The chakras or energy centers according to Maitri Upanishadmentions the Sushumnachannel which is central to the Kundalini Yogaphilosophy and practice as are the chakras. The Upanishads also describe five elements we often also associate with metaphysical energy and wellness – earth, water, fire, air and ether associated with this subtle body.
According to researcher and author of the academic paper ‘The physiological Foundation of Yoga Chakra Expression’, Richard W. Maxwell, “Chakras are a basic concept of yoga but typically are ignored by scientific research on yoga, probably because descriptions of chakras can appear like a fanciful mythology. Chakras are commonly considered to be centers of concentrated metaphysical energy. Although clear physiological effects exist for yoga practices, no explanation of how chakras influence physiological function has been broadly accepted either in the scientific community or among yoga scholars. This problem is exacerbated by the fact that yoga is based on subjective experience, and practitioners often shun objective descriptions.” In his essay he ‘builds on earlier work hypothesizing that intercellular gap junction connections provide a physiological mechanism underlying subtle energy systems described in yoga as well as other disciplines such as acupuncture. Three physical aspects of chakras are distinguished that are integrated through gap junction mechanisms and are proposed to have arisen during embryological development. Furthermore, electrical conductance associated with a high concentration of gap junctions could generate phenomena that, when subjectively experienced, have the radiant qualities attributed to chakras. This theory provides a scientific rationale for previously unexplained details of chakra theory and offers a new orientation to conceptualizing and studying such subjective phenomena’.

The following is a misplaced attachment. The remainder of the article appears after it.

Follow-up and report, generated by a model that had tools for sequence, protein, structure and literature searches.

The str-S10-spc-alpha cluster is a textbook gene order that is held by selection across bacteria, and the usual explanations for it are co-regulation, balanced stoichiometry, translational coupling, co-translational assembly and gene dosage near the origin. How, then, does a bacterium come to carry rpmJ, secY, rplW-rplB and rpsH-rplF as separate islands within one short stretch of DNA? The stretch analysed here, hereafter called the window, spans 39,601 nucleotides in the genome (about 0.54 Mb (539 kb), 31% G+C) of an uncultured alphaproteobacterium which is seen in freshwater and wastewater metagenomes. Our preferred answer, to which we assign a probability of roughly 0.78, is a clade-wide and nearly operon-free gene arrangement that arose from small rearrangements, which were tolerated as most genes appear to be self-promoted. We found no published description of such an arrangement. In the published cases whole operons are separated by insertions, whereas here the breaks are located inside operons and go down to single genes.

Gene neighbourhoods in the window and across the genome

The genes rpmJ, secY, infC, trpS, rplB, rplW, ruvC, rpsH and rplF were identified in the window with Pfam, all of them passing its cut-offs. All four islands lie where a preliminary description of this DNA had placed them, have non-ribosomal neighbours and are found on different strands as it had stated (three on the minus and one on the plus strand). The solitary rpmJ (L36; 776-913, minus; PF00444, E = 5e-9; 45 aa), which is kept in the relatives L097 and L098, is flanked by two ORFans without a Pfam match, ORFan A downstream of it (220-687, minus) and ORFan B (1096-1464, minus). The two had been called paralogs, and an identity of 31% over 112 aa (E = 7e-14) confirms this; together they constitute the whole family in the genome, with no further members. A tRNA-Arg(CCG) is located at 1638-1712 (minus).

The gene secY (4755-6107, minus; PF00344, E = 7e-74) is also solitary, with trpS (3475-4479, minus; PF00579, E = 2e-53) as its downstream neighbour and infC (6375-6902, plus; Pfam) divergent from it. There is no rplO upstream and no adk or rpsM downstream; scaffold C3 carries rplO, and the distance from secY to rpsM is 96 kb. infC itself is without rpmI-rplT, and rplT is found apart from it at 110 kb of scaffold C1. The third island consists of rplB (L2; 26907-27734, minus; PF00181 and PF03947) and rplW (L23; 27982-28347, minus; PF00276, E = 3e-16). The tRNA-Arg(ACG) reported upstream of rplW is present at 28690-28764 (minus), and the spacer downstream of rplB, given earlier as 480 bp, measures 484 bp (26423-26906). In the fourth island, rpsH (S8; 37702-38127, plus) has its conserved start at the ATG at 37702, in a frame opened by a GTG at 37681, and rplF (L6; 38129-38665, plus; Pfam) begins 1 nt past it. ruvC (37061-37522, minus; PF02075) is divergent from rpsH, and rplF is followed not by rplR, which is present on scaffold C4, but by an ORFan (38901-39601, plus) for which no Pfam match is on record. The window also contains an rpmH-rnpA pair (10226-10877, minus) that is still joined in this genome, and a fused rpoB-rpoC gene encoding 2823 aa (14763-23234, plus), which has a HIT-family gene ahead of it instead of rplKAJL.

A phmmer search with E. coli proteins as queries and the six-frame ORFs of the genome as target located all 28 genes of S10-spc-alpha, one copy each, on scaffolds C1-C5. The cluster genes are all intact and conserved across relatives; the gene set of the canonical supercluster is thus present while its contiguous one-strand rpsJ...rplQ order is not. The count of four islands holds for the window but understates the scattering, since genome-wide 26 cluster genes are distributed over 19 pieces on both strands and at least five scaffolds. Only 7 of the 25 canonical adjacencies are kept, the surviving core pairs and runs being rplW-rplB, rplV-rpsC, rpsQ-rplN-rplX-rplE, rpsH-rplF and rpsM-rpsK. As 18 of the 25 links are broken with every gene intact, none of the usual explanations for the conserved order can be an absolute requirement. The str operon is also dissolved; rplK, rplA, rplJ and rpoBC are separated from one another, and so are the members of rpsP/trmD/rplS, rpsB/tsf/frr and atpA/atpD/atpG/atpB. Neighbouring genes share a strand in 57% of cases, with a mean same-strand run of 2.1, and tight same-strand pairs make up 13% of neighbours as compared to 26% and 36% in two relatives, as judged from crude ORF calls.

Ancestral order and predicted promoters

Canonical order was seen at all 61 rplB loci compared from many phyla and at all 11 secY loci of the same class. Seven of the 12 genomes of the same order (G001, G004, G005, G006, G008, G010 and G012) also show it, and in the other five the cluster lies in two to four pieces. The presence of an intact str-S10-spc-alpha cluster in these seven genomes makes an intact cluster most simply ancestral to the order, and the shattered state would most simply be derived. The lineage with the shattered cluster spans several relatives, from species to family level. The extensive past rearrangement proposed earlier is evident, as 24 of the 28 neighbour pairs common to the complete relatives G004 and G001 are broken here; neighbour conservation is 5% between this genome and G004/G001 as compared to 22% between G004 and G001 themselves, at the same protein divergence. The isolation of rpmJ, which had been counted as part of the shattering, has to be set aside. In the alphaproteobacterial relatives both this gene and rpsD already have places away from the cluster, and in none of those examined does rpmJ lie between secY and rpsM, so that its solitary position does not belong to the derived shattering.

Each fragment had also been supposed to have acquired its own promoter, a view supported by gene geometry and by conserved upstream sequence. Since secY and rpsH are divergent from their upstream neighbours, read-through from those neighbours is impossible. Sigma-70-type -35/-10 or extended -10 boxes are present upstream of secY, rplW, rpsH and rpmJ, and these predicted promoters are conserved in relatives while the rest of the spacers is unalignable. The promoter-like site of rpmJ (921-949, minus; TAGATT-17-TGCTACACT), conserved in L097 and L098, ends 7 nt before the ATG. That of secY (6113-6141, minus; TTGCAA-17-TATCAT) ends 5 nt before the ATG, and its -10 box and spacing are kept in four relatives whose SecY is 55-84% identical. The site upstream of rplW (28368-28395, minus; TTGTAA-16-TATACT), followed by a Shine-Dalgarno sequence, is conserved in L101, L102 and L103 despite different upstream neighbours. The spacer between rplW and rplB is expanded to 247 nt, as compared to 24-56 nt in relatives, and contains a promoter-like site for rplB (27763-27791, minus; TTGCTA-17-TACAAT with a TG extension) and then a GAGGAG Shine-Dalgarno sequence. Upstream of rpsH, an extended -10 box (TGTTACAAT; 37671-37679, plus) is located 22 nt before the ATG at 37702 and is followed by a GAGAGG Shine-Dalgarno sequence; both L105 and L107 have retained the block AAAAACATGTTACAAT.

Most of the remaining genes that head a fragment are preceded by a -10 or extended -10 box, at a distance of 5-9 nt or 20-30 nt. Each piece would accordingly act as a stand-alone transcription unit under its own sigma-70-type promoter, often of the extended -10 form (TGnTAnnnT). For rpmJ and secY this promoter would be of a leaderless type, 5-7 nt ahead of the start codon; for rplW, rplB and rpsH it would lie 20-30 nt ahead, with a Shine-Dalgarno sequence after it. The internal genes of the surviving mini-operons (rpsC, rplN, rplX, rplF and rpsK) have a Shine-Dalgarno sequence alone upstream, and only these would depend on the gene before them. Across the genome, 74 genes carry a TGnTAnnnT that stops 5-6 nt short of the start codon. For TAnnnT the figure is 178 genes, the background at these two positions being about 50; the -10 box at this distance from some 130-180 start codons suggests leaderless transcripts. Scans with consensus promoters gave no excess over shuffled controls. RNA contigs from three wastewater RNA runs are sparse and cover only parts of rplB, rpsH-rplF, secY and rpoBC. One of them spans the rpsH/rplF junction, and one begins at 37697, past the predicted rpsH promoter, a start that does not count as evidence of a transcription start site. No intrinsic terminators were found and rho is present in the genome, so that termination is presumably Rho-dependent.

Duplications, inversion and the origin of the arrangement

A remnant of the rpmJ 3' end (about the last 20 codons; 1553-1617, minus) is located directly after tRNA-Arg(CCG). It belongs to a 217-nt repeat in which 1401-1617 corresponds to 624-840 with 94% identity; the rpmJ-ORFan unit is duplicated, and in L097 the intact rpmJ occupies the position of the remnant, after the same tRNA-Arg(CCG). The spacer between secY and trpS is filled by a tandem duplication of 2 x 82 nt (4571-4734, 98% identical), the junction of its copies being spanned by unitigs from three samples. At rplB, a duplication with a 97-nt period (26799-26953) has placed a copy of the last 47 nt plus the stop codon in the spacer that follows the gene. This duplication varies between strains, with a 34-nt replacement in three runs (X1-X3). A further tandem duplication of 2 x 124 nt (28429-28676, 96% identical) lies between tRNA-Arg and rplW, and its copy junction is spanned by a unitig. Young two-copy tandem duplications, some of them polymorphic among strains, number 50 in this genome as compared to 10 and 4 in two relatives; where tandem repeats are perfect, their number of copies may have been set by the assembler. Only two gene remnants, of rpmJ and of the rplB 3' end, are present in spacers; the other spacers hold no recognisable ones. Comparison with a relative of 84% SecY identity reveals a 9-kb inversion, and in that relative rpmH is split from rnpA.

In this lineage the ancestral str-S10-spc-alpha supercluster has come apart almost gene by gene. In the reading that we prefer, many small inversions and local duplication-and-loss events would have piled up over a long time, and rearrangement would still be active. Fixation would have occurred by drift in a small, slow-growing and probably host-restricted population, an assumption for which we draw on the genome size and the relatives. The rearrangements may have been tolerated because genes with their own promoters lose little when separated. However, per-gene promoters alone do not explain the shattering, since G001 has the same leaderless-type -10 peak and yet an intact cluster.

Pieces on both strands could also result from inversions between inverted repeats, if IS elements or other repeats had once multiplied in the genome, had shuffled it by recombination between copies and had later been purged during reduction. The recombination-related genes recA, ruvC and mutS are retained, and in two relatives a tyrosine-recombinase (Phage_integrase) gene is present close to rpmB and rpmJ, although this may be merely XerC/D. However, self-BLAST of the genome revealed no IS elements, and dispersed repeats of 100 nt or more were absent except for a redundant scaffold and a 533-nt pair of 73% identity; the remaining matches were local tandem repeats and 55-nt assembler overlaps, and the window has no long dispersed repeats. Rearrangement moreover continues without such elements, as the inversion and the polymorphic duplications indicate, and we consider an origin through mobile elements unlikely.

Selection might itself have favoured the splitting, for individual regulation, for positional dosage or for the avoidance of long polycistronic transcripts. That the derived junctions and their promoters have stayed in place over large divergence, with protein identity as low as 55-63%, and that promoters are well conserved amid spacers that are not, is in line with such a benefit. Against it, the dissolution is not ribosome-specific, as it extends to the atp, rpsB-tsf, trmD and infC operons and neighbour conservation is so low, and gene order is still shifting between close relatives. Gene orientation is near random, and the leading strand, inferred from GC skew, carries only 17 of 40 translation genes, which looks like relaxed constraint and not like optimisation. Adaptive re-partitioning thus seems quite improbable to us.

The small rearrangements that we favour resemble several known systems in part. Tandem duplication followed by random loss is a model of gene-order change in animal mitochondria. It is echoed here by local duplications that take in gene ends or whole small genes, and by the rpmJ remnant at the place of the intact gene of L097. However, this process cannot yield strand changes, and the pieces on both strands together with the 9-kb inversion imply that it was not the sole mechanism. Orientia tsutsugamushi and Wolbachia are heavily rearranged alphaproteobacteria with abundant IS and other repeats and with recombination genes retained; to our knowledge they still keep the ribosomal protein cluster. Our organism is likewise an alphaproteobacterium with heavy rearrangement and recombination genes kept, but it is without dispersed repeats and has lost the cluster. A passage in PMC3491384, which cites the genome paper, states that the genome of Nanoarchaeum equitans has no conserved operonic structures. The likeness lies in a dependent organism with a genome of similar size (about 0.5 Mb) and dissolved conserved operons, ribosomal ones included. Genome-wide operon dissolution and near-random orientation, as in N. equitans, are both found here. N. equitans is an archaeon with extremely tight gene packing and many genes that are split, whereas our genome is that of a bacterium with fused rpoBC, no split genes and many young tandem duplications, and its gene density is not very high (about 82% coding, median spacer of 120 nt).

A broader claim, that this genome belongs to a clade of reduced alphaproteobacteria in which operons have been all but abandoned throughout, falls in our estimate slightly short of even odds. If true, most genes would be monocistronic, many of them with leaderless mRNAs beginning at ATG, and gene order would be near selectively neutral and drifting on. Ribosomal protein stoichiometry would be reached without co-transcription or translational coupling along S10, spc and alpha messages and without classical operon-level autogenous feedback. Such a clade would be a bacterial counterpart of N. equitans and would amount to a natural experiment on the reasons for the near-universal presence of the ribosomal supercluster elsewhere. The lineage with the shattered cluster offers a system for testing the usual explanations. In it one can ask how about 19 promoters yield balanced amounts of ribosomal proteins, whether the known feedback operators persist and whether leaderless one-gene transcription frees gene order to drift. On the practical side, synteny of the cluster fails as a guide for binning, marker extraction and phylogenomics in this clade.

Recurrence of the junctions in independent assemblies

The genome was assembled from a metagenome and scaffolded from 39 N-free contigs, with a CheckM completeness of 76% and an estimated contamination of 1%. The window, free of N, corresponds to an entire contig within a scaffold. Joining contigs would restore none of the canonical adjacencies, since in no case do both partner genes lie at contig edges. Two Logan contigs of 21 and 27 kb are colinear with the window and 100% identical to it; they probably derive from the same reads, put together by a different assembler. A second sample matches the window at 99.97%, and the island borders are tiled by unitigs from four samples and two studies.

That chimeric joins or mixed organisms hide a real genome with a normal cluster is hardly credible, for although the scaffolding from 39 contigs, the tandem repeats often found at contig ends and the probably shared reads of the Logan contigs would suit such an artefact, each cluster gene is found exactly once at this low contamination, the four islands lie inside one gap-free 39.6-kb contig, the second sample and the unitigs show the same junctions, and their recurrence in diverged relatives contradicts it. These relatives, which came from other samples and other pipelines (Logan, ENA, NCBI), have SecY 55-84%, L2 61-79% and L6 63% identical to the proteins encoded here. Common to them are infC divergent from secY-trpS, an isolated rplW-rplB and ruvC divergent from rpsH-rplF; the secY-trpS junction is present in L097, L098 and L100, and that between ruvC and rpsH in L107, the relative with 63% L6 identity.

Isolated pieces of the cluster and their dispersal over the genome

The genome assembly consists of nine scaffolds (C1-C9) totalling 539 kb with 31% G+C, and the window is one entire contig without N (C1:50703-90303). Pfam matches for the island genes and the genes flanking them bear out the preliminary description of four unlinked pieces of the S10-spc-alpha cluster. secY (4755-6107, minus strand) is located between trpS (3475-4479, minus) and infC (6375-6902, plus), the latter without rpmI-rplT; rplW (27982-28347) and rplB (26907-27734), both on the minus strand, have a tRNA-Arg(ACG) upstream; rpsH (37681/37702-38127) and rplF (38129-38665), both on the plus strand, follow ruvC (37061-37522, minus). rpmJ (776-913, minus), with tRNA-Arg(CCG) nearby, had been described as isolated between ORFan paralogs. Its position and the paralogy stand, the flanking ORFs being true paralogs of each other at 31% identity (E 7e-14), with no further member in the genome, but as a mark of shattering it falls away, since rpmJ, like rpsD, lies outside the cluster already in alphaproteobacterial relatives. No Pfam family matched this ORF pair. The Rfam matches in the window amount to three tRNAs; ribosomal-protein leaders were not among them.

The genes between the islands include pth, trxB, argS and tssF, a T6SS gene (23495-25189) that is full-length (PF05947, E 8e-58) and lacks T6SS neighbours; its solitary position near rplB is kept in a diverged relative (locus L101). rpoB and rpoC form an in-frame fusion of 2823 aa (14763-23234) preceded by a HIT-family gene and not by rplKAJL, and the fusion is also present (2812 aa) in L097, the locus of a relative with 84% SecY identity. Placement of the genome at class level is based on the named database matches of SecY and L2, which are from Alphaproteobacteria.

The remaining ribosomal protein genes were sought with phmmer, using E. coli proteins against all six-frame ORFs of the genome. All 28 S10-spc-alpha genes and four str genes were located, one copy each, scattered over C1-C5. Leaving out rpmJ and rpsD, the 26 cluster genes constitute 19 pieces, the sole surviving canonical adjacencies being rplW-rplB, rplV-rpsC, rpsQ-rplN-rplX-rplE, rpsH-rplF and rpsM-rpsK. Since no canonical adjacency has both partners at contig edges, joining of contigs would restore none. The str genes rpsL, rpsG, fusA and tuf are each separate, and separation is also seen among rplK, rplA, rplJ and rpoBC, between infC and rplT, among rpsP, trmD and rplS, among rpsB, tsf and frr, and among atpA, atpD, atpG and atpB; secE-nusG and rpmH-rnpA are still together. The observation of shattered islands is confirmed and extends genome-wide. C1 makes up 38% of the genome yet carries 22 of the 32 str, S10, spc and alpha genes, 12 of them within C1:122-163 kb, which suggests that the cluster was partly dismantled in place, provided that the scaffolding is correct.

The advent of new technologies have enabled us to monitor and track energy flow through the body and the shift of phenomenon such as heat, vibration, frequency and energy can now support subtle energy flow recognition. These days ‘science’ and ancient 5000 plus year old ‘Sanskrit texts’ synergise into better informed yogic practice around the use of Chakra energy centres. Therefore we can integrate a greater focus on Chakra energy healing into various aspects of our yoga philosophy practice such as yogic asanas postures, meditation, Dharana (focus and concentration), Pranayama (breathing and control of vital energy) and Niyamas (in this context ‘Treatment of oneself’).
Developing reflective practice of any kind with intention is the path to self improvement and development of consciousness and awareness, Chakras can help provide a road map to internal energy pathways, without which external and higher energy balancing can’t be achieved.